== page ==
Artificial Intelligence (AI) is already proving to be a truly transformative technology and its impact on a whole range of sectors is set to make a significant impression in 2018. In particular, the Financial Services Industry (FSI), often weighed down by legacy IT infrastructure, will reap the benefits of this emerging technology. This evolution was the focus of the recent NextGen Banking London: The AI Revolution event where industry experts gathered for a series of talks and panel discussions on the opportunities and challenges presented by AI in the banking sector.
“AI is the next wave of computing and will enable banks to radically improve efficiency, risk management, customer service, and regulatory compliance.”
AI will enable banks to radically improve efficiency, risk management, customer service, and regulatory compliance. Even today, the technology is helping to augment the work that people do, and soon its applications may well be expanded to include a higher degree of automation and machine-human collaboration. However, to reap the benefits offered by AI, finance firms first need to navigate through a range of technical and cultural challenges.
From customer service chatbots to fraud detection, AI has a wide range of applications in FSI. One area where it is set to make a big difference is individual personalization. Speaking at the recent NextGen Banking London event, Gayle Sheppard, Vice President and General Manager of the Saffron AI Group at Intel, outlined one case study where AI is already making a difference in this area. The USAA (United States Automobile Association) serves members of the US military and their families, giving them competitive rates on insurance, banking and investment services. The company, which has around 13 million customers, aims to recognize what the next best action is to recommend to each customer, if any action is needed at all.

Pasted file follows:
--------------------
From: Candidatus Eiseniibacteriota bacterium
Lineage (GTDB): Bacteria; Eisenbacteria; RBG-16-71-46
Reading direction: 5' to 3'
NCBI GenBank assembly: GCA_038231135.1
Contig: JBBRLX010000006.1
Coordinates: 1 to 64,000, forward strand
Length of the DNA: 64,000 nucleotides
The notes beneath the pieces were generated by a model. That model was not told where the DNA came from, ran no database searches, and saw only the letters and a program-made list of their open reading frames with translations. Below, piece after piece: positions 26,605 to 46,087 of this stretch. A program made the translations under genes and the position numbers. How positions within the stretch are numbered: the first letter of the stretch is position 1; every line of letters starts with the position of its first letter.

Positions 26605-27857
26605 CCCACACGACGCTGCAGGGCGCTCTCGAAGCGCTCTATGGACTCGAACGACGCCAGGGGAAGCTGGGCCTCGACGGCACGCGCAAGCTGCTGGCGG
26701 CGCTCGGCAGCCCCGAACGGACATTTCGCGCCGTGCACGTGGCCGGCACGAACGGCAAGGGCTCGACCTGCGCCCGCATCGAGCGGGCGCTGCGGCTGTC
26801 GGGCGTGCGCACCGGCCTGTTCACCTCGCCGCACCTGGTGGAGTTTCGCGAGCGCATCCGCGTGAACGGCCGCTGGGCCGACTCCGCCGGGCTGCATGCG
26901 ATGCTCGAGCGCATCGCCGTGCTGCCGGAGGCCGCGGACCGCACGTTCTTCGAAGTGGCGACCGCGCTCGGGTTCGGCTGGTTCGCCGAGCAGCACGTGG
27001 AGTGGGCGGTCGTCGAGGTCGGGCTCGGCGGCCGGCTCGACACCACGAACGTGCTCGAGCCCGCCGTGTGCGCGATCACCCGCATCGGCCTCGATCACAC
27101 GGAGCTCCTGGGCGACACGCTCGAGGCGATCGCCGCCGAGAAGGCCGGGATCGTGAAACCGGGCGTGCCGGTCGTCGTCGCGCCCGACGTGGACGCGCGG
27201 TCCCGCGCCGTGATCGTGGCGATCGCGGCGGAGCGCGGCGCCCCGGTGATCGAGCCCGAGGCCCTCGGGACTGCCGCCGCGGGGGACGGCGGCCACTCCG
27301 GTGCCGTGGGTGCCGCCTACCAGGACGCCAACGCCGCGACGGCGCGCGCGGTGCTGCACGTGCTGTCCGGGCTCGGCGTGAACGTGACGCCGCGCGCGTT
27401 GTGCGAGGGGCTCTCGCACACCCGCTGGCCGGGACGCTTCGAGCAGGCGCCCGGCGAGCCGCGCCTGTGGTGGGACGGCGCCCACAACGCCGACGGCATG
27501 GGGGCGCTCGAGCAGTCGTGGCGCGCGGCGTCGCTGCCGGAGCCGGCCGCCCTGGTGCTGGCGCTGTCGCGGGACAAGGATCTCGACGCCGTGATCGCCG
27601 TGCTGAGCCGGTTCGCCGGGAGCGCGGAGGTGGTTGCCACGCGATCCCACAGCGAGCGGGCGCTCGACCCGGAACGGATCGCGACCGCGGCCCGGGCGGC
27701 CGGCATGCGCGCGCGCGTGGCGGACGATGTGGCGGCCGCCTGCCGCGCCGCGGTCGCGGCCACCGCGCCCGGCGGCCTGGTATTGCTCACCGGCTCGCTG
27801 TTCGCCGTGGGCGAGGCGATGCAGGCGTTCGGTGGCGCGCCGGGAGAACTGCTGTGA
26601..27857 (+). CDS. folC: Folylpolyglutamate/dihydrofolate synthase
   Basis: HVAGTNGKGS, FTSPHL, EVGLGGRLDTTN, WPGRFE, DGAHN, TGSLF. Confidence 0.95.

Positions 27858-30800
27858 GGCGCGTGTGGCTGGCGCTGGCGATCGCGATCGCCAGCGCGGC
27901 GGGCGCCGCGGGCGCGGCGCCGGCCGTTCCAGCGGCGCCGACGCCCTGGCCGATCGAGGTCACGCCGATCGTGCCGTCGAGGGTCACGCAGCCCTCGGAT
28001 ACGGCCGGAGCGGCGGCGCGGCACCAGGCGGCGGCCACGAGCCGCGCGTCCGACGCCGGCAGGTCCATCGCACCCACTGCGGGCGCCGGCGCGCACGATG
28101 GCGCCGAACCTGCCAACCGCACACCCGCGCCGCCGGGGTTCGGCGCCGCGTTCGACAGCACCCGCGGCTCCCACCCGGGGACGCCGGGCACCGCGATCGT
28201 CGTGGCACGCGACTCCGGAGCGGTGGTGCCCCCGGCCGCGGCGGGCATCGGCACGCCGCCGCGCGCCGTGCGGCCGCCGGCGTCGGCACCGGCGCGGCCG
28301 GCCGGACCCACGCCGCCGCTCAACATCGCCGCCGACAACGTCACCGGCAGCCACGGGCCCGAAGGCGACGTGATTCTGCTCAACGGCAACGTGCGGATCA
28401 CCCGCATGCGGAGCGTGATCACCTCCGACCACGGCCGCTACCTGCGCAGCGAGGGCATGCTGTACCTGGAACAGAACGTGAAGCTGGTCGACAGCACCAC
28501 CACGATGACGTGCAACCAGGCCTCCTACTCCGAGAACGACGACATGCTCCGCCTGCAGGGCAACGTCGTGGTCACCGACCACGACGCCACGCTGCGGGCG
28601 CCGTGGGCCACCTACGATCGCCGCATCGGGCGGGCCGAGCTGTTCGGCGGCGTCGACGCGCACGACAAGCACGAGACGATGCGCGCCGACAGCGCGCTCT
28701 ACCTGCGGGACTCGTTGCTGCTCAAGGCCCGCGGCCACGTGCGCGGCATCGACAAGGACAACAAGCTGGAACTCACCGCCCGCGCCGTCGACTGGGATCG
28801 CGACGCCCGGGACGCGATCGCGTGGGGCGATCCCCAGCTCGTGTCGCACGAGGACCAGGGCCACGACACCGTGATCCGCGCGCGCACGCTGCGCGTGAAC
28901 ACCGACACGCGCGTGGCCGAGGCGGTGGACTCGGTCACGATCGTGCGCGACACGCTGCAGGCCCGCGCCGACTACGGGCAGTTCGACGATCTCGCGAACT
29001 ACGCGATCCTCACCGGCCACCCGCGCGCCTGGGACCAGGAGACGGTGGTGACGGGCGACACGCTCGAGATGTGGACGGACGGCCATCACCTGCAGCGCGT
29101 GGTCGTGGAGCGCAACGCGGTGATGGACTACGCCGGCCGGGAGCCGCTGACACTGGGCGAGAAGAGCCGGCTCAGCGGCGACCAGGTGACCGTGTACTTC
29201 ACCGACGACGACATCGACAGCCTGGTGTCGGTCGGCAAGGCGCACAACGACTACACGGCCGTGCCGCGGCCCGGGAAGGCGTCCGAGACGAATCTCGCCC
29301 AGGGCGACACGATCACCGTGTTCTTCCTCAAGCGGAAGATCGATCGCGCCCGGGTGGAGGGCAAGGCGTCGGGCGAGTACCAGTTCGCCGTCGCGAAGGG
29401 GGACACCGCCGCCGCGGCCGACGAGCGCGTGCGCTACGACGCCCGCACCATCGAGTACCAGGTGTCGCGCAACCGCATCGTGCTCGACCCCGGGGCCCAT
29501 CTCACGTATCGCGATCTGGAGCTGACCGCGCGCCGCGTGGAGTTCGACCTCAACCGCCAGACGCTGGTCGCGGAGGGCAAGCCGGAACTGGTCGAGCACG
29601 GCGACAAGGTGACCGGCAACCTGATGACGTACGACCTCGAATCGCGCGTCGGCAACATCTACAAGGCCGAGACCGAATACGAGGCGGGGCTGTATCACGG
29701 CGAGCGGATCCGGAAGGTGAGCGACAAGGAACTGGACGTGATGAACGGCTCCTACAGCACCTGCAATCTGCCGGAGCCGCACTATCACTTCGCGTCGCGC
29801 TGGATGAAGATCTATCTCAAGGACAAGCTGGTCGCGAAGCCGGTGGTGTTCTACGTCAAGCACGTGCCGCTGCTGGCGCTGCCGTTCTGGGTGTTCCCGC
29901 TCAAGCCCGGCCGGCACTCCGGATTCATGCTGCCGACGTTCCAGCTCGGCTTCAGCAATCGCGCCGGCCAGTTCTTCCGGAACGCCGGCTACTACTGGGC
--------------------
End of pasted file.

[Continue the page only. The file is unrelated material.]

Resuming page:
“What we did was create a personalization implementation prototype for them, using our advanced AI technology,” explained Sheppard. “We worked with over 1,300 products, using three main data sources including customer interaction history. Using this, we were able to achieve 84% accuracy in sales recommendation.” After being given access to the relevant data, it took the prototype only ten weeks to produce a beneficial result for the USAA. What’s more, this was accomplished using just 1.5 FTEs (Full Time Equivalents) at Intel, and two at USAA, demonstrating the impressive return on investment that AI can provide.
Saffron*, which began as a tech start-up, was first acquired by Intel in 2015, and now Intel® Saffron™ forms a key part of Intel’s AI strategy. Another way in which Intel® Saffron™ AI technology is driving the digital transformation of the banking industry is fraud detection. In one example, Intel helped a customer reduce their fraudulent medical insurance claims; using a combination of one-shot learning, which is based on small amounts of data, and continuous learning which dynamically adapts to larger amounts of new data over time, the technology was able to detect a fraud pattern within just 48 hours. And within only four weeks, it had identified three fraud rings based on the existing data set.